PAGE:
The evening’s conflict had already been constructed before the first fan ever walked through the door. Paganfest 2012 was a tour set on answering a variation of the usual internet quandary concerning pirates and ninjas (on which my pro-ninja stance has been well documented.) Rather, the task for the evening was to settle the erstwhile grudge match between the two groups that were hosting the entire event. Who is superior? Pirates….or Vikings?
Let it be said that I have before lauded the excellent accommodations at the Palladium in Worcester, Massachusetts. Their downstairs hall rivals most mid-sized theatres for spaciousness, vision lanes and sound reproduction. It is a beautiful facility, and a fantastic place to see a show. Turisas, Alestorm, Arkona, and all the other evening’s bands however, were being asked to play in the cramped, inadequate upstairs portion of the building. As patrons entered the arena for the upcoming fray (and the show did sell out, I’m pleased to announce,) the narrow hall became claustrophobic. Poor sight lanes, awful lighting and noisy sound did nothing to help the aesthetic. I heard several patrons talking to each other say things like “Are we trying to talk ourselves into leaving?” and the more pedestrian “This sucks.” After several recurrent problems with mic feedback, I may or may not have yelled to my wife “Come on, Pookie! Let’s burn this motherf*cker down!” The entire experience was akin to seeing the show inside a pirate ship, or a Viking longboat, now that I think about it.
Regardless, the meat of the evening began with a performance from Russian pagan group Arkona. It’s a shame that the sound for this band was so poor, as they rumbled on stage with virility and power, surging through each moment of their set, sultry frontwoman Maria "Masha Scream" Arkhipova howling and raging with each selection. Vladimir “Volk” pushed as much sound through various wind instruments as he could, and in the sections where he was audible above the din, whipped the crowd into a responsive, cooperative frenzy.
Speaking of, the crowd on this night was a willing accomplice to the chaos on stage, looking to unwind on a tepid March night and wild-eyed with anticipation to do it. They came dressed in costumes, some simple, others elaborate, cheered with full throat, clapped on command, sang with fervor and moshed with heart, shaking the walls of the capsule that held us all. It was enough to make any observer believe that it was possible for folk metal to catch on in America.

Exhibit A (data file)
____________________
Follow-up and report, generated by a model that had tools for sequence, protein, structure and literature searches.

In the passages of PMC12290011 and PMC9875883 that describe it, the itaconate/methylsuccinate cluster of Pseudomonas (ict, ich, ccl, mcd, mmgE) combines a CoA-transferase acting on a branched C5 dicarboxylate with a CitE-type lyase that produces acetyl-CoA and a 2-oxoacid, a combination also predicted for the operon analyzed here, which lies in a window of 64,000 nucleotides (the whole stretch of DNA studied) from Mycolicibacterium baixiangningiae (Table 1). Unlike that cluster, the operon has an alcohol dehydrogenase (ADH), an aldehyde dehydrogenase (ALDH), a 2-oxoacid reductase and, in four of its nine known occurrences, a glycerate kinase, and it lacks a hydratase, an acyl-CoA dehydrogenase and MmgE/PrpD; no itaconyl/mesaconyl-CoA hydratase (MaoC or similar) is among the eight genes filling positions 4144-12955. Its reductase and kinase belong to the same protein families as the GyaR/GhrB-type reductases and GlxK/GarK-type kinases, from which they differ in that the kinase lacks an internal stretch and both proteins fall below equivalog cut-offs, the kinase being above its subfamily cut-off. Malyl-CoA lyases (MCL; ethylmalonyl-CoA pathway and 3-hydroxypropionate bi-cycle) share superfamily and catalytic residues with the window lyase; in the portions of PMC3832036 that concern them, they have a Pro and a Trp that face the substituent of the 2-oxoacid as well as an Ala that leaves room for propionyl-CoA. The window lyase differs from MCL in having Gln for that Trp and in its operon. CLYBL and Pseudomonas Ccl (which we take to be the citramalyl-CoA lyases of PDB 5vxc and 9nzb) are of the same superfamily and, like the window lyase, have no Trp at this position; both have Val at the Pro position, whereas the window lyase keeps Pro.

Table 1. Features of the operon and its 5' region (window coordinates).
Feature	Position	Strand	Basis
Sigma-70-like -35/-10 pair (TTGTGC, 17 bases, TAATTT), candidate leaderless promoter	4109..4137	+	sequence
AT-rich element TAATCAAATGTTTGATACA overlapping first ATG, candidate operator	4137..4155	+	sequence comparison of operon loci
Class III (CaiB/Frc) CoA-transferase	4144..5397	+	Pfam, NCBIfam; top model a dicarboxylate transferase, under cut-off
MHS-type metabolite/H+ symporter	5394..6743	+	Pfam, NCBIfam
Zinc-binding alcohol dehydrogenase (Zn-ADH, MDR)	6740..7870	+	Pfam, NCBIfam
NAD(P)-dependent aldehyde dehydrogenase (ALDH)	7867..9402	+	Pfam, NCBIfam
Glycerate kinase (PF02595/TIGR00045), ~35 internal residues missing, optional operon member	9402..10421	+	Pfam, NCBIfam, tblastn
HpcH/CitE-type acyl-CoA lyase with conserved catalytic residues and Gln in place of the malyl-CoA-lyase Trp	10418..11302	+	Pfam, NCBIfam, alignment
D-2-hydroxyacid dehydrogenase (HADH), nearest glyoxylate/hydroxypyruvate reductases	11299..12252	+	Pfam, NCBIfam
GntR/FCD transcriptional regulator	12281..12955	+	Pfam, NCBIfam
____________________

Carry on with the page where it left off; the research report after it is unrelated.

The pirates took their biggest swing next, with Alestorm ascending the (noticeably short) small stage and bringing their guns to bear, so to speak. Their first broadside hit the crowd hard with “Shipwrecked,” a crunchy, rumbling piece that instantly rallied the weary fans into attention. It was one of the band’s signature pieces of the evening, and opened the portal for them to wander through a vast array of tunes, from “Black Sails at Midnight” to “Rum.” Whether crushing the crowd in the breakdown or shredding through some punk-influenced material, Christopher Bowes was a composed and capable frontman, exhorting the crowd when needed, and relying on his band members to help convey the party atmosphere. The band’s keys were front and center in the mix, laying down the jovial foundation upon which all of their “pirate core” is based, and helping push songs like “Keelhauled.” But was it enough to hold off the Viking horde of Turisas?
Undaunted by the prospect of being asked to essentially tap-dance on a postage stamp, Mathias Nygard and his red-faced, black-striped band mates dominated the evening’s proceedings more than any other act previously. Full to the brim with stage presence and command of the audience, Turisas came to the fore and made their statement with an opening “March of the Varangian Guard.”
As they pushed on into “Take the Day!” special credit must be given to violinist Olli Vanska, who truly owned the stage and the set. A virtuoso on the electric violin, Vanska ripped through all the band’s solos for the night, adjusting his sound as necessary to fit into the music.
All six members of Turisas brought their A game to the stage, culminating in a full sound that exemplified the band’s reputation for “big” moments. I admit I was not expecting the band to attempt some of their more epic pieces that were recorded with the assistance of a full choir, but Turisas was not intimidated by their stage limitations and excellently reproduced both (personal favorite) “The Great Escape” and the titanic metal opera “End of an Empire.” These moments are where Turisas stands out not just from the other capable bands that are part of Paganfest, but all the other names in the genre.
Finishing the set (no pun intended,) Vansha led the band (and the crowd,) through an incredible double-timed “Sahti-Waari,” transporting everyone in the building for a few moments to some long-gone, mead-soaked Viking hall. As if that weren’t enough, the band capitalized on the momentum coming into the encore with a natural selection of “Hunting Pirates,” and a tremendous, crowd-charging “Battle Metal.”
The element of Turisas’ set that most sticks in the brain however, is how much they appeared to enjoy being on stage. Whether breaking into an impromptu bluegrass romp, ranting about the quality (or lack thereof) of American beer, or just plain playing their songs, no one seemed to be having more fun during Turisas’ show than Turisas. They owned the show. Vikings 1, Pirates 0.